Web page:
FCPX 2nd Day

For a better look at the FCP-X introduction, check out these videos: part 1, and especially part 2. What’s striking to me on second viewing is how much of the demo focused on editing. There were none of the de rigueur things we’ve gotten so used to — no mention of the number of realtime layers, for example, and little discussion of which media formats can be used. Instead, they talked about how editors work.

A few examples: The timeline doesn’t have tracks — it just has empty space. Sync picture and sound clips can be moved around as single objects. You can have multiple, independently editable timelines in the same sequence. Instead of audio keyframes, you drag the ends of fades. When you trim, all the clips in the timeline move. Speed ramps are done by grabbing part of the clip itself and stretching it.

It remains to be seen whether I would want to cut a complex sequence without asymmetrical trimming. Or whether I’d want to look at a timeline where sync audio clips and dialog edits weren’t visible. Or whether I’d want to lock music and sound effects to picture clips all the time in order to keep sync when trimming. Or whether I could do without the ability to lock two sequences together and compare them side by side. Nor is it clear how you’d turn over to sound, or share a project between editors, or handle big projects.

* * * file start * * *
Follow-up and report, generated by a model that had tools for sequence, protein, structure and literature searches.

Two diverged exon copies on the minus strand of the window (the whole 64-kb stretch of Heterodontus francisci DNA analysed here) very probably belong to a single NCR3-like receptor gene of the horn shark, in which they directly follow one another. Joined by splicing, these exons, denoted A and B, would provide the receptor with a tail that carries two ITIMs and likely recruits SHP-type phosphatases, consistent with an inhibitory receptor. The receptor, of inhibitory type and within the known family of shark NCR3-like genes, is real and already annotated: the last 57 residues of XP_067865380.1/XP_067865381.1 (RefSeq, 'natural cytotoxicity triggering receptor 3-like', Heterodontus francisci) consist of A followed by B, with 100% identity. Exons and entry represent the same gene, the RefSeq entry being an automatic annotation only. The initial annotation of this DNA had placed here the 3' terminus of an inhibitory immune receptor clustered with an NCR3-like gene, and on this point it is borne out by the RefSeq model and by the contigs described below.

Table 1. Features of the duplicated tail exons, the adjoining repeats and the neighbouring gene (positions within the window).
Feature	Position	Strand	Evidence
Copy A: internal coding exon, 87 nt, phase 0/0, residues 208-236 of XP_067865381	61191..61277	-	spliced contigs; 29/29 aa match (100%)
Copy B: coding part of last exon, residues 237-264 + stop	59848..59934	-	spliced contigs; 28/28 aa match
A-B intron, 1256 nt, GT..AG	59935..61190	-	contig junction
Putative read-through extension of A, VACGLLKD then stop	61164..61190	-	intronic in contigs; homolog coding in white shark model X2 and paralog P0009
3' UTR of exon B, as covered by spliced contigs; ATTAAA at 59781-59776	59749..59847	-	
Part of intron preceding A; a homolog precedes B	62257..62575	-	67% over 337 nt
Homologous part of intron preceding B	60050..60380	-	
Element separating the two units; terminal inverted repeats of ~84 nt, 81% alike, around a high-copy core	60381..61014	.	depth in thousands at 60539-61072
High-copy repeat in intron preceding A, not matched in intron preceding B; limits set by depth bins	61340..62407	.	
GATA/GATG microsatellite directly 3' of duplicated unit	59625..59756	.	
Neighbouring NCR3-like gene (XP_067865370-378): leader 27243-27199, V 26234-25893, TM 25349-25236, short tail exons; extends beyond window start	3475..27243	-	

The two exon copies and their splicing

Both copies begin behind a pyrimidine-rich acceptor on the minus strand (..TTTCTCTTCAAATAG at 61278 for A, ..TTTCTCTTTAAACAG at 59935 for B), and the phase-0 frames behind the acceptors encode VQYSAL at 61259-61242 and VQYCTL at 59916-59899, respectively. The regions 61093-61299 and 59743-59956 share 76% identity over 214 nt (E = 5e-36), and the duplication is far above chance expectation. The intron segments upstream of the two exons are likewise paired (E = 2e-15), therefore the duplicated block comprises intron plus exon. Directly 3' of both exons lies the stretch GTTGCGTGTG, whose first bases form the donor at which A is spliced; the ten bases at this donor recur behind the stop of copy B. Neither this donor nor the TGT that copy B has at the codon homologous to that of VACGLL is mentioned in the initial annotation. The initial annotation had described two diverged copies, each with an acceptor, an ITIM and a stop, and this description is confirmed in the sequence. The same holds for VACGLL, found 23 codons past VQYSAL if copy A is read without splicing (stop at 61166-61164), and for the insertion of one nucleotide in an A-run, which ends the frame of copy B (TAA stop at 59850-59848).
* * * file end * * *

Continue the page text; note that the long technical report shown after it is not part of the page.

But whatever you think of this demo — and today’s reaction was pretty mixed in some circles — it focused on how we work. That’s where the innovation was, and that’s what got the crowd charged up.

Explore posts in the same categories: Avid, Avid vs. Final Cut, Final Cut

11 Comments on “FCPX 2nd Day”

  1. Chi-Ho Lee Says:


    We don’t know that this version doesn’t have asymmetrical trimming. They didn’t show that feature but we shouldn’t take that to mean that it doesn’t exist.

    If you go back to the video, the demo showed that you can open a menu to change clip appearance of filmstrip to an overview mode where the filmstrip goes away and the clips shrink to a small size. Inside that menu were six icons, I bet one of them shows the traditional view of picture and sound clips in the timeline. As least, I’m guessing here.

    I don’t think that people should jump to the conclusion that certain features don’t exist because they didn’t show it in the demo. They didn’t show any titling but I’m willing to bet $100 against anyone that it has a titler.

    But as most people have been saying, it’s a very small glimpse of the new capabilities, not a summary of what it’s complete feature set.


  2. Justin Barham Says:

    Great entry Steve. I had the same reaction: they’re focussing on actual editorial. This is a good thing.

  3. THomas Vordal Says:

    Of course focusing on the creative process rather than the technological is positive.